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How important is email list segmentation? Some leading retail brands and marketplaces are allowing subscribers to opt-out of Father’s Day email promotions this year. Etsy, Free Fly Apparel, Tesco, and many others have asked subscribers if they want to receive marketing announcements for Mother’s Day or Father’s Day.
For example, Father’s Day is this coming Sunday in many countries. It is typically a celebration of family and the parent-child relationship.
But Father’s Day marketing is uncomfortable for some email subscribers. Imagine a daughter who is grieving her father’s recent death. Or a husband who wants to be a father, but for some reason cannot have children. In each of these cases, a Father’s Day promotional email, however well executed, might still spark negative emotions for the recipient.
Thus, companies that reached out to customers about opting out of Father’s Day or Mother’s Day serve as a reminder to all email marketers to consider how well they know and segment subscribers.
Knowing what is important to a subscriber is key to doing a better job of marketing to that person. Photo: Stephen Phillips.
Any discussion of email marketing and list segmentation should start with “it depends.” What works for one business may not work for another.
What day is best to send promotional emails? It depends. What are the best ways to segment a list? It depends. And should I ever send a message to my entire list? Well, it depends.
We can definitively say, however, that list segmentation, done well, leads to better email marketing performance.
“I’ve seen brands that send [email marketing messages] to very small lists because they are honed in on who they are talking to, and those lists have 70-or-80-percent open rates and high click-through rates,” said Val Geisler, a customer evangelist at Klaviyo, the email marketing platform.
Geisler relayed the example of a multichannel retailer with physical stores in St. Louis and email subscribers in New York. Segmenting the email list so that New Yorkers are not bombarded with local, in-store promotions will improve email marketing performance.
Similarly, asking folks if they want to opt-out of Father’s Day likely boosts performance for at least two reasons.
First, subscribers who would not have responded to the promotion are removed from the segment. The result is fewer emails, but to shoppers who are more likely to buy a Father’s Day gift.
Second, subscribers who read the opt-out email but didn’t respond could look for your store’s Father’s Day promotion. They have, in a sense, chosen to see the email.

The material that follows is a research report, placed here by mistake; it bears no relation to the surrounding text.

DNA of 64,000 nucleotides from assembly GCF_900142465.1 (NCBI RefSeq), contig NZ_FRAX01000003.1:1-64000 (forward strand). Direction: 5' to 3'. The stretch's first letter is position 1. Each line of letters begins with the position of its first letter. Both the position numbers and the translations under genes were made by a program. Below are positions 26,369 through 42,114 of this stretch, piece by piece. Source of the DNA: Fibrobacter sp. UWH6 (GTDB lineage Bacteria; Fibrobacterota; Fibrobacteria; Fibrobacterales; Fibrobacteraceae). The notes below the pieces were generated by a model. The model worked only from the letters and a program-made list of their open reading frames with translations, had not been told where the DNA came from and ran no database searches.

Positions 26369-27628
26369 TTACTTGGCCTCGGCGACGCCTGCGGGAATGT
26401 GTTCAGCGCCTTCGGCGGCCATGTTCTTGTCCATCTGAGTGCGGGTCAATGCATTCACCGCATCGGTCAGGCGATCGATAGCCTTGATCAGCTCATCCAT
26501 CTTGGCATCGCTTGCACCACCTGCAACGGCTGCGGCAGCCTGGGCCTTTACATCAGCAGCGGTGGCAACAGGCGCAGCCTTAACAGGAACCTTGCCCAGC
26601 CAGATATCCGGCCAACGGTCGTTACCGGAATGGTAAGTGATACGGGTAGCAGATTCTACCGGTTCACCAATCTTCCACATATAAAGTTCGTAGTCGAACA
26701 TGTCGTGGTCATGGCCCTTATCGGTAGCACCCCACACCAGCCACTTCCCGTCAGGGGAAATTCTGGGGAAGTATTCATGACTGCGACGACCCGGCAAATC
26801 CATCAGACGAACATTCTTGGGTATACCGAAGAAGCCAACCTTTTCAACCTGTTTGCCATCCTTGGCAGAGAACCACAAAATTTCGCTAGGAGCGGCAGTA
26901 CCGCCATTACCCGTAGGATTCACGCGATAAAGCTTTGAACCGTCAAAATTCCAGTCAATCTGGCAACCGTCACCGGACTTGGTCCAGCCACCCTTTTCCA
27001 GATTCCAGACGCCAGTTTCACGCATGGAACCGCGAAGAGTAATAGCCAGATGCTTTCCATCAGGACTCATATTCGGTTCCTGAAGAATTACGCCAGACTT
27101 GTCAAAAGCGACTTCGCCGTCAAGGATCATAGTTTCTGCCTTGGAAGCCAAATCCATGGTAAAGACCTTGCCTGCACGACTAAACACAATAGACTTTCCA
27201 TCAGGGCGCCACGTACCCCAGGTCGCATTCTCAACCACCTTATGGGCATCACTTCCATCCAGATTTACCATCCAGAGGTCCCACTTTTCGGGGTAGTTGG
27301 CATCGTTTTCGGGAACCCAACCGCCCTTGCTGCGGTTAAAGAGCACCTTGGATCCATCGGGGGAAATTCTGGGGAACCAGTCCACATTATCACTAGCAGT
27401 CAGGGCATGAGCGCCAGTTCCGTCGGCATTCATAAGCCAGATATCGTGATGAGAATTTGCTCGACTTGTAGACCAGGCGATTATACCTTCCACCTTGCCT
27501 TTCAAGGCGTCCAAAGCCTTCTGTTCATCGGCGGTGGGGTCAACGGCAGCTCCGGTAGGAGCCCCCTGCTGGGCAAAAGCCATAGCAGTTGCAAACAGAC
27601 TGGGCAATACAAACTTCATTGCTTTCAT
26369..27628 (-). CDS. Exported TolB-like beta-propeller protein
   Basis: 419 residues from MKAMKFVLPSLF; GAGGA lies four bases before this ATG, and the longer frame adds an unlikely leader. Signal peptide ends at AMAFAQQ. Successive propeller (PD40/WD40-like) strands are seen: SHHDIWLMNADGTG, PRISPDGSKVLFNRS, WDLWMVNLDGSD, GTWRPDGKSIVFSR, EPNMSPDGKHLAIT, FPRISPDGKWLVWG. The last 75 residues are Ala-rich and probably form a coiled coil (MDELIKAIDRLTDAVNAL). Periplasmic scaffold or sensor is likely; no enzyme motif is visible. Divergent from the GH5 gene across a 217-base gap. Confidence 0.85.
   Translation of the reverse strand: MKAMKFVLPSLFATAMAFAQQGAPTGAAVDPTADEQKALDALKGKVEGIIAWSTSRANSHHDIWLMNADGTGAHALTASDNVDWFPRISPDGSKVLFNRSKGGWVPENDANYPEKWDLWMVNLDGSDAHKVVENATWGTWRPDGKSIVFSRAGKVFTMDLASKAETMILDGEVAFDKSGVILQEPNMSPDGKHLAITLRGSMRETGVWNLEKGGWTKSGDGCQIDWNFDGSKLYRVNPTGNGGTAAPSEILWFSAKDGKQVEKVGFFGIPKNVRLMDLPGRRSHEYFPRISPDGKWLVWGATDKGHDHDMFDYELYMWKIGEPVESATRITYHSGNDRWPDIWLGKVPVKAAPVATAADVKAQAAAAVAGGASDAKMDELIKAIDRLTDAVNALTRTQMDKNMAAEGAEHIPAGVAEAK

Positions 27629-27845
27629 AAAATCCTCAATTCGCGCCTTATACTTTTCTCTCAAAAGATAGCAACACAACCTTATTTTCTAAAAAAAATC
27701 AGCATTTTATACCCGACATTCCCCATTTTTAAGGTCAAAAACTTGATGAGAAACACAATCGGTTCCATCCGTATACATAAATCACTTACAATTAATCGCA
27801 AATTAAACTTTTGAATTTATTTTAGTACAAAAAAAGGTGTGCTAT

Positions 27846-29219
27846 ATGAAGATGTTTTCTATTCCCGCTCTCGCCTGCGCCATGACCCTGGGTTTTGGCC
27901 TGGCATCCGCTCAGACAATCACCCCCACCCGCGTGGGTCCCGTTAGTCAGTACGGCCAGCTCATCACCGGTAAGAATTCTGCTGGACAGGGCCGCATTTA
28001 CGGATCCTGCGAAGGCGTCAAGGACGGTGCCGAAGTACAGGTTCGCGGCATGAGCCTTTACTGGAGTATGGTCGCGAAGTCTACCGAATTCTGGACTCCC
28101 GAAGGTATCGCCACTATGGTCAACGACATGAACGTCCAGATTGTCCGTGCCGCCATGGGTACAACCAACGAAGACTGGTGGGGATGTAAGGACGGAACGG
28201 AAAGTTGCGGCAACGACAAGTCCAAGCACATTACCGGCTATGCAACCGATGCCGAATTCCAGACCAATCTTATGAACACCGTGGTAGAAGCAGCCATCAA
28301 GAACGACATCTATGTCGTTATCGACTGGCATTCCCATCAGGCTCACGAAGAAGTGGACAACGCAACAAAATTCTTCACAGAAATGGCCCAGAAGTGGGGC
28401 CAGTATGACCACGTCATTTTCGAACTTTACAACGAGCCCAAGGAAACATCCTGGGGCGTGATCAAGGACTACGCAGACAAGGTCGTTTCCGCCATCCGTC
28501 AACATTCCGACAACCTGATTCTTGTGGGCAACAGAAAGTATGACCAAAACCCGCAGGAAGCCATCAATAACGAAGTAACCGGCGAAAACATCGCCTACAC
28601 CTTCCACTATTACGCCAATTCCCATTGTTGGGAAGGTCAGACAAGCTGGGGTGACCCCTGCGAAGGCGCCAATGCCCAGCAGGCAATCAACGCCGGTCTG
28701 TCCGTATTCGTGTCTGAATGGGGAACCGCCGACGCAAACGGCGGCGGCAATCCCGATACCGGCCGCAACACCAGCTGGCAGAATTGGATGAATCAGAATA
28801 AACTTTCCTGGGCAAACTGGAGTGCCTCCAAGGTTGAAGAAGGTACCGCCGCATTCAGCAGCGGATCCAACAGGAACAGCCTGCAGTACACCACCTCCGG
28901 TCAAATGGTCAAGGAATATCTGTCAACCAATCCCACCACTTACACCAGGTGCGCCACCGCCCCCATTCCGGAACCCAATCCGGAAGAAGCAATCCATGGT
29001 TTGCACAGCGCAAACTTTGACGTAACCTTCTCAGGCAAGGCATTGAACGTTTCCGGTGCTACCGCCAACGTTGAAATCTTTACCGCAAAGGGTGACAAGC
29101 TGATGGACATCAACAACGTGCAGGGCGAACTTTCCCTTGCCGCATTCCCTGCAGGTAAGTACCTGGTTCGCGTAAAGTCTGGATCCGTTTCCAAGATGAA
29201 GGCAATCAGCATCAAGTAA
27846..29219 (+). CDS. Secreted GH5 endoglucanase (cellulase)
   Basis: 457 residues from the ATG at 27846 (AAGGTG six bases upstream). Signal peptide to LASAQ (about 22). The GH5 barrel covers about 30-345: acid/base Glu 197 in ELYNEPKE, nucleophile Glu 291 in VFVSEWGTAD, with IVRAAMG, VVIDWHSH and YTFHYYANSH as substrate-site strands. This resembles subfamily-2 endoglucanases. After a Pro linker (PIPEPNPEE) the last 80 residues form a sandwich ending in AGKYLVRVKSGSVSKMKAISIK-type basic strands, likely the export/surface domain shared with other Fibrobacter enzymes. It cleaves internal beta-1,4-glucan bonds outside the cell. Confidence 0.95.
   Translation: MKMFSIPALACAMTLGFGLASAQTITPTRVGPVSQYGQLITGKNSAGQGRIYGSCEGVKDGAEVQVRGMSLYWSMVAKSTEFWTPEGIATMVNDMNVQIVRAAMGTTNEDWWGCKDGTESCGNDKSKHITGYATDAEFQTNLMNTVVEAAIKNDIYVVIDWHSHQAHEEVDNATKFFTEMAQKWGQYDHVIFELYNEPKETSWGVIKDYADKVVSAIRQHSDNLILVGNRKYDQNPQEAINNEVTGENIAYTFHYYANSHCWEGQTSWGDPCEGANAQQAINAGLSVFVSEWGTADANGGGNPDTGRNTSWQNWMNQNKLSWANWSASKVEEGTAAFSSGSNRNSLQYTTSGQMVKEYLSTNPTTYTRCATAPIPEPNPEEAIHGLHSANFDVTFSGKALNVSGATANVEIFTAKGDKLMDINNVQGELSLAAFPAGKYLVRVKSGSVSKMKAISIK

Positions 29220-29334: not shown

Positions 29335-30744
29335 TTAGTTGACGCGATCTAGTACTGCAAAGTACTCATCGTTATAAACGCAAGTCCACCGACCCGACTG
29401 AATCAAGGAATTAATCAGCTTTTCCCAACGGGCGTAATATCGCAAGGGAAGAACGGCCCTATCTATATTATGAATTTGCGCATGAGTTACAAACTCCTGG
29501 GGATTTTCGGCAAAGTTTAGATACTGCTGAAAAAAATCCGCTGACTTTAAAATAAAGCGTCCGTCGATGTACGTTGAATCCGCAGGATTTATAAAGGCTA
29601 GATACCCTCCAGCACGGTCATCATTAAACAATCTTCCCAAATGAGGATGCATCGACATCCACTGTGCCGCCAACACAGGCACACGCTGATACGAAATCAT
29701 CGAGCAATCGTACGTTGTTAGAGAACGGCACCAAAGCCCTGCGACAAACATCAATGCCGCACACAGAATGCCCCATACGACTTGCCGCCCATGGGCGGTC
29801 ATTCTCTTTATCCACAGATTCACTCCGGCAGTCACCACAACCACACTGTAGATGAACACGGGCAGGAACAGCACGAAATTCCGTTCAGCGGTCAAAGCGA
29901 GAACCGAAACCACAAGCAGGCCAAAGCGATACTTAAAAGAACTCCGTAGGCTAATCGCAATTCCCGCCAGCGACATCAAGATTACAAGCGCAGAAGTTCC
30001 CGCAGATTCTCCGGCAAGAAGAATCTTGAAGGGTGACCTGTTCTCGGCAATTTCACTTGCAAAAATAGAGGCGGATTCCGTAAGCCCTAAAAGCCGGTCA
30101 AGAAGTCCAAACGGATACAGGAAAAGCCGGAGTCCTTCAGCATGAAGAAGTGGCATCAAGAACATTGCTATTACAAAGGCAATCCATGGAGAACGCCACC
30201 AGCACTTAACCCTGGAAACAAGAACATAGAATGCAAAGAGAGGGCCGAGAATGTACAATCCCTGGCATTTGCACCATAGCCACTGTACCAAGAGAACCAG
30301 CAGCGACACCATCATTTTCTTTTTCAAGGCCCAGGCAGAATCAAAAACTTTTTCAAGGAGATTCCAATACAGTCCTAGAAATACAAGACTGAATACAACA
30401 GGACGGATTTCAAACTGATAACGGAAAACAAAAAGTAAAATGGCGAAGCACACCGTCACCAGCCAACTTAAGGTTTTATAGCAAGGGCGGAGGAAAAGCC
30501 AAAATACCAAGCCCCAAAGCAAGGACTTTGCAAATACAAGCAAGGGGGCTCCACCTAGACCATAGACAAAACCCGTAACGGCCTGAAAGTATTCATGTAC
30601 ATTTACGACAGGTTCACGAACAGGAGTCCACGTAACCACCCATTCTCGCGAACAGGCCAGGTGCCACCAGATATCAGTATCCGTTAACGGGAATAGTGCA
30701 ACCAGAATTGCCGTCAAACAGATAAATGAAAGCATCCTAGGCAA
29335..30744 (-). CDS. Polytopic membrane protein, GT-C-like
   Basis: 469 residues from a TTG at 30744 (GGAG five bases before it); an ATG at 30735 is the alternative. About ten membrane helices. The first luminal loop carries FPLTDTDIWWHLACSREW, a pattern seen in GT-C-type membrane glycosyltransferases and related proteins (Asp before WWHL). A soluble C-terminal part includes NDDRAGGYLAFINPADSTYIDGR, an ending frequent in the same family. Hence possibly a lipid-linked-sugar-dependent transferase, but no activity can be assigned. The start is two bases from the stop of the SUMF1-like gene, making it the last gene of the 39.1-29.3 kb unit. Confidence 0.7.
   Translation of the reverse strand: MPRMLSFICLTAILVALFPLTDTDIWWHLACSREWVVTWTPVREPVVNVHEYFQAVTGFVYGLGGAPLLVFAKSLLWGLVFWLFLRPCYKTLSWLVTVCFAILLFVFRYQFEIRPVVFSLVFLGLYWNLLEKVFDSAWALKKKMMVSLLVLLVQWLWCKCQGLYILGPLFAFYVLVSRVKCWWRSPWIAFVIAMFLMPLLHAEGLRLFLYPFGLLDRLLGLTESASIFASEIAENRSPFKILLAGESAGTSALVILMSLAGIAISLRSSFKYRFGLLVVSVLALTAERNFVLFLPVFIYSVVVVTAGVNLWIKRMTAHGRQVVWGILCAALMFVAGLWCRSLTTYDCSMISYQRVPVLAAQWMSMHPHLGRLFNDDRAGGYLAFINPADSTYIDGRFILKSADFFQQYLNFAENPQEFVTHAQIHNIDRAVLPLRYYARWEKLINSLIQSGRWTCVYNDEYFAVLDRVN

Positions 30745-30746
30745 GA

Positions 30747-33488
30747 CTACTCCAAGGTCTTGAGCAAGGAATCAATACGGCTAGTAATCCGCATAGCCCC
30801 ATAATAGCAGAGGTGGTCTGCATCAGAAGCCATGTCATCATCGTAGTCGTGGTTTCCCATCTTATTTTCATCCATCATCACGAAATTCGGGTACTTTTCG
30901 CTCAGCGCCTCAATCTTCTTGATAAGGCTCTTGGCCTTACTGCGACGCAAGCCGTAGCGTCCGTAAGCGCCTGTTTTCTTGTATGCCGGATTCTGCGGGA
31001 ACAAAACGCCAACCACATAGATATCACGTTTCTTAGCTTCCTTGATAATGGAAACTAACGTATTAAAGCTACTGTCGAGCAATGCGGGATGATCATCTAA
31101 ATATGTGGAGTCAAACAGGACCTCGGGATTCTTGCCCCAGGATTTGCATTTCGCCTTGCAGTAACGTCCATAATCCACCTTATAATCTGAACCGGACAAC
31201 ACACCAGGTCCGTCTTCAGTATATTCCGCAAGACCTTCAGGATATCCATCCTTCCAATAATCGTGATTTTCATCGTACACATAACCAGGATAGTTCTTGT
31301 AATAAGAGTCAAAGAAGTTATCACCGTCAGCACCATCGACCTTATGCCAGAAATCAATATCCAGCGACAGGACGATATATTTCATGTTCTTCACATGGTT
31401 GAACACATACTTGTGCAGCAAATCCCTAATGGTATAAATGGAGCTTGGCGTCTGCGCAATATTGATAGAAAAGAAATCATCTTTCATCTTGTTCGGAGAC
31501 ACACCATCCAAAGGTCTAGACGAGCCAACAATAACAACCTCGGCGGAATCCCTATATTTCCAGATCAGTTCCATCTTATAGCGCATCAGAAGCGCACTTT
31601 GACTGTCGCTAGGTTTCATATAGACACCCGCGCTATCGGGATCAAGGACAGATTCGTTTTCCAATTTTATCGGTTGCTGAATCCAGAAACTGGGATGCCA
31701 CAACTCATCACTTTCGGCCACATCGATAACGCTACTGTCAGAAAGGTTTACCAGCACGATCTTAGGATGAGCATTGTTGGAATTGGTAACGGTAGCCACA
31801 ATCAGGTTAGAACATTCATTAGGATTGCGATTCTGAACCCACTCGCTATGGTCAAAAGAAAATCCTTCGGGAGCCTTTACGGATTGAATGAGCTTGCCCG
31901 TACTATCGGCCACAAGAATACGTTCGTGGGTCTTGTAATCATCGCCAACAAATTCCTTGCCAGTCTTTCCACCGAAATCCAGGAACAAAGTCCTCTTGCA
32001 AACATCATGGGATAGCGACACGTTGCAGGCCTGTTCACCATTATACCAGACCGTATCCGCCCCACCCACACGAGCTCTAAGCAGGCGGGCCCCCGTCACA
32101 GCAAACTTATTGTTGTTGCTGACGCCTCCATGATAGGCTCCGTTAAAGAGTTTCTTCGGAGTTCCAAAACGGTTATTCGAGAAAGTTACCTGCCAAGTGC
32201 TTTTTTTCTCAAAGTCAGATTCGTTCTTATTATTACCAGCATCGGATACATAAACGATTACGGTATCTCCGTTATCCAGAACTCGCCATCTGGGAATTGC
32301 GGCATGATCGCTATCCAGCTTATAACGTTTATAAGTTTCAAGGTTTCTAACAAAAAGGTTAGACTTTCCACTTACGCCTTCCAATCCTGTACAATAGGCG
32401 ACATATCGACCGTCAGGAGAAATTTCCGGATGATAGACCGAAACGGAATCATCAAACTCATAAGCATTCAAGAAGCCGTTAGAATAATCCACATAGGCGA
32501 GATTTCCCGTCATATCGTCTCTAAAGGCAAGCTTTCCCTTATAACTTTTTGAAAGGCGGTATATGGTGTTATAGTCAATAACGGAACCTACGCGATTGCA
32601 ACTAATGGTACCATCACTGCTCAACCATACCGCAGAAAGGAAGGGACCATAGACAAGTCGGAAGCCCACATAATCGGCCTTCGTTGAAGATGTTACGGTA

In this way, asking a shopper about Father’s Day or Mother’s Day is like asking about her physical location or her preference for one product category or another.
The more a marketer knows about a subscriber, the better job she can do segmenting that subscriber and, thereby, providing the most relevant offers.
But it takes a bit of work.
If your company knows that a subscriber tends to buy women’s clothing but purchases gifts of men’s clothing during Father’s Day and Christmas, you might send her a message describing the popularity of men’s chino shorts.
Likewise, a shopper who has purchased men’s chino shorts for himself and also buys gifts of men’s clothing could receive an email message pointing out that the chino shorts he loves would make a great gift for dad.
Assembling these segments would likely produce better results than a generic message to both customers, but it would take more effort to collect the information. That includes taking action based on a subscriber’s decision to opt-out of a certain promotion.
Geisler pointed out that each of us wants to be treated as valuable individuals. Thus, when we as marketers gather info on a subscriber, be it behavioral or a preference like opting out of Father’s Day messages, we should act on it.
“A lot of marketing is very reactive, and we [unfortunately] don’t get ahead of our work,” said Geisler.
Thus, you could send an opt-out message a few days ahead of a holiday such as Father’s Day, or you could ask subscribers about their overall preferences. Geisler suggested doing the latter a couple of times every year. Rather than asking about Mother’s Day in May and Father’s Day in June, inquire also about birthdays, or category affinities, or other interests.
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